Worse, when this magisterial voyager tackles intimate human matters, he cannot resist images of the most shop-worn sentimentality. In drifts of unstained white muslin a woman gives birth. Adult hands cup the tiny wrinkled sole of a newborn’s foot. In a garden a butterfly lands on the young mother’s wrist, while children bound about chasing soap bubbles. At the kernel of these immense elemental fugues through time and space is after all a plain old American family: ambitious father who drives his boys without mercy, stoical mother who radiates loving forgiveness, eldest son who is jealous of the second one’s sweetness, and so on. But these are signs, not characters. When you are making windy generalisations about a bunch of American archetypes you don’t need anything as plodding as dialogue or plot. Our access to their thoughts is through portentous voice-over. Why did the young brother die? I came away without a clue. Still, we grasp that darkness has entered the archetypal family by the usual routes, and that the usual guilt and anguish will ensue.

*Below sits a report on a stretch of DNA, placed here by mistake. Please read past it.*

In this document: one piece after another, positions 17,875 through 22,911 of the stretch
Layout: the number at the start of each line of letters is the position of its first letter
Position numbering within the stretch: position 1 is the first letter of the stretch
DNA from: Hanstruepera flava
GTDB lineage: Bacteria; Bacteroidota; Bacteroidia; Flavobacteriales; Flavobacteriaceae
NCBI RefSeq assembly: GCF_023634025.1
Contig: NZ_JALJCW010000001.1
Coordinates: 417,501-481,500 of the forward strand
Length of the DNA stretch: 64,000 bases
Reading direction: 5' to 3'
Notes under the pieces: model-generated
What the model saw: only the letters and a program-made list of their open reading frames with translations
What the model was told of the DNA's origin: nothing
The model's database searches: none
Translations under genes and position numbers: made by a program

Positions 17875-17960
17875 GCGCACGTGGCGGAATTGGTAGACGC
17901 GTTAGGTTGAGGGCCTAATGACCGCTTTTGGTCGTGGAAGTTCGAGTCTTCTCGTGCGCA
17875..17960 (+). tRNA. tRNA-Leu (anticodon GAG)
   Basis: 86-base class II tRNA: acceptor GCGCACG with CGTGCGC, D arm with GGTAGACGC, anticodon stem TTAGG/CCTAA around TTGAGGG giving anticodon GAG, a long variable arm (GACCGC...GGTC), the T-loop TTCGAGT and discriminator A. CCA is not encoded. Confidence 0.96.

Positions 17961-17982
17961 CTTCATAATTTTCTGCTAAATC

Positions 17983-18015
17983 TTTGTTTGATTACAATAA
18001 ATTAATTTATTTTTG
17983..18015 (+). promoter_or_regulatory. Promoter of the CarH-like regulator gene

Great tracts of The Tree of Life are astonishing in their bombast. It seems to go trumpeting forth forever. But long after its tremendous meteors and twirling rose-pink microbes have become dated, perhaps it will be remembered for certain accurate and tender passages about young boys at play, the way their wild energy can turn on a sixpence and go violent. Following the brothers in the freedom of their Texas childhood, when they roam about riverbeds with rifles and smash windows with stones, the camera becomes one of them, surging free on male currents, in love with danger and caring nothing for destruction. Is that grace, or is it nature? Who can tell?
“Jane Campion presents”. In this country of flat-footed realists, a new writer–director such as Julia Leigh might well be grateful that an angel of Campion’s authority stands at the door of her first feature, Sleeping Beauty (in national release).
Lucy (the very impressive Emily Browning) is a young university student in Sydney whose life is fragmented by the menial jobs she has to do to stay afloat: photocopying, cleaning, being the subject of medical research. In the opening scene her submission to an invasive lab procedure strikes the note of her personality: an affectless, patient, distantly contemptuous tolerance of what other people want to do to her body. The things she does jack up about are those an ordinary person might take in her stride, like paying the rent in her share house or lowering her voice when she answers her mobile in class. She has to fend off a nastily flaky mother, a relationship sketched in three sharp strokes of one-sided phone dialogue. Lucy might seem a pain, but of course she is also beautiful, with all that this vexed state can entail. We see her warmth only when she visits a helpless junkie friend (Ewen Leslie) who never leaves his flat and seems quietly bent on suicide.